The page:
Your doctor will look around the bladder for any abnormalities, such as tumours, stones or signs of infection. In some cases, your doctor will be able to treat you then and there. For example, they could remove very small tumours using special instruments.

A cystoscopy is a quick procedure. When done with local anaesthetic it usually only takes between 5 – 15 minutes. If done under sedation or general anaesthetic, the procedure will take a little longer, between 15 – 30 minutes.

If you had local anaesthetic, after the procedure, you should be able to carry on with your day. If you had sedation or general, we will take you to a private room to recover and wait for the medication to wear off. Someone will need to collect you and take you home, as you will not be able to drive.

Bladder ultrasound

A bladder ultrasound is a non-invasive imaging procedure and, as such, requires minimum preparation. Your doctor may ask you to drink plenty of water beforehand though so that your bladder is full. This will help provide a clearer view of the bladder structures.
You will be asked to lie on your back on a couch and expose your lower abdomen. A water-based gel will then be applied to your skin. This helps the sound waves from the ultrasound transducer (a handheld device) pass through the skin and produce a clear image. The healthcare professional conducting your scan will measure your bladder’s dimensions and document any findings. A report will be sent to your consultant urologist who will discuss the results with you.

Urodynamic Testing

If you are having urodynamic testing, you will be asked to come to hospital with a comfortably full bladder. In some cases, we may use a catheter to fill your bladder with sterile fluid or a small, flexible catheter with pressure sensors may be inserted into the bladder through the urethra in order to measure the baseline resting pressure. For some urodynamic tests, a pressure flow study may also be performed. This involves measuring the pressure in the bladder during voiding to assess the flow rate and to identify any obstructions. Once the testing is complete, a report will be sent to your consultant who will discuss the results with you.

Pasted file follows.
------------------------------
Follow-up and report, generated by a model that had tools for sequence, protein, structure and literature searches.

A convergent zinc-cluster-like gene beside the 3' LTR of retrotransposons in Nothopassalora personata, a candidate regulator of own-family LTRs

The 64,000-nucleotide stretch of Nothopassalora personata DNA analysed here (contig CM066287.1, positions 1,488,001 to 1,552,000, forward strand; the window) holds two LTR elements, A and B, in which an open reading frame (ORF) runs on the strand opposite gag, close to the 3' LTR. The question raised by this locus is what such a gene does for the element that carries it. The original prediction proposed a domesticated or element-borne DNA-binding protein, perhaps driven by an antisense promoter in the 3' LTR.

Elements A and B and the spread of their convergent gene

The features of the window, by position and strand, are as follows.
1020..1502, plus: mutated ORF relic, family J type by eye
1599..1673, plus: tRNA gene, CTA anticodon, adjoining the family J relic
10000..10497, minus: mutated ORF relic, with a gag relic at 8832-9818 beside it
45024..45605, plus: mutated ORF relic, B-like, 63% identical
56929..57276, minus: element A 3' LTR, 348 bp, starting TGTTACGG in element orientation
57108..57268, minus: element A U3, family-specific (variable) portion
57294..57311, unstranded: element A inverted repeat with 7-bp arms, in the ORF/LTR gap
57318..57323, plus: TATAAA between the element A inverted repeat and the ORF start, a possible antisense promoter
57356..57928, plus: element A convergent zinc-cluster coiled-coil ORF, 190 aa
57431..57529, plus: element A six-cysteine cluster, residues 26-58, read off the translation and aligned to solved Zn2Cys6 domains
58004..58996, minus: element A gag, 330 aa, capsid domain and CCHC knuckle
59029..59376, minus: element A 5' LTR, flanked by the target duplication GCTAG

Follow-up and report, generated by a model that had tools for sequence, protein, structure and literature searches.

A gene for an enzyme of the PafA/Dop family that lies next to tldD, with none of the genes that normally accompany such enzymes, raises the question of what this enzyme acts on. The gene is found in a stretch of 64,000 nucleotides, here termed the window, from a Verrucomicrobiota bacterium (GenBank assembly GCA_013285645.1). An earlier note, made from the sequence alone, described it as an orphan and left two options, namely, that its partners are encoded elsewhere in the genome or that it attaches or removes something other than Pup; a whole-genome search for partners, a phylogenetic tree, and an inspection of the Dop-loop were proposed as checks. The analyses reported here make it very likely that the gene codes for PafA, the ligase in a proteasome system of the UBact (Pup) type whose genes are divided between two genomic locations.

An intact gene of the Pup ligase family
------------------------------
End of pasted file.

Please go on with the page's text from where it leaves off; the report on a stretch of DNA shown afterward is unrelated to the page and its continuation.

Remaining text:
Depending on the type of bladder investigation performed, you may be able to return to everyday activities straight away or you may need a few days’ rest.

If you underwent urodynamics testing or a bladder ultrasound, you should not have any after-affects and will be able to get carry on with your day afterwards.

After a cystoscopy however, it make take a few days to get back to normal. If you had sedation or general, you will feel drowsy for 24 hours after.

After effects from the cystoscopy may include:

  • Bleeding, which can look bright pink in your urine or on toilet tissue
  • A burning sensation when peeing
  • More frequent urination for a couple of days

However, within a few days, you should be back to normal.

If you’re concerned about your bladder health, please call us and ask for an appointment with a consultant urologist.

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How to pay for your treatment

If you’re… paying for yourself

Did you know you don’t need private medical insurance to come to St John & St Elizabeth Hospital? As a self-pay patient, you can access safe, outstanding quality health care at times to suit you.

For scans and tests, as well as to see most consultants, you’ll still need to be referred by a medical professional like your GP, but as a self-pay patient, the process is more straightforward. You won’t need authorisation from an insurance provider, and you’ll have greater choice of consultant and appointment times.

If you’re… insured

St John & St Elizabeth Hospital is approved by all major medical insurance companies. If you have a personal private health insurance policy, or your company provide it for you, you can use it to pay for your care from your initial consultation through to treatment, surgery and aftercare such as physiotherapy. Not all private health insurance plans cover the same things. It’s very important to check exactly what you are covered for with your insurance provider.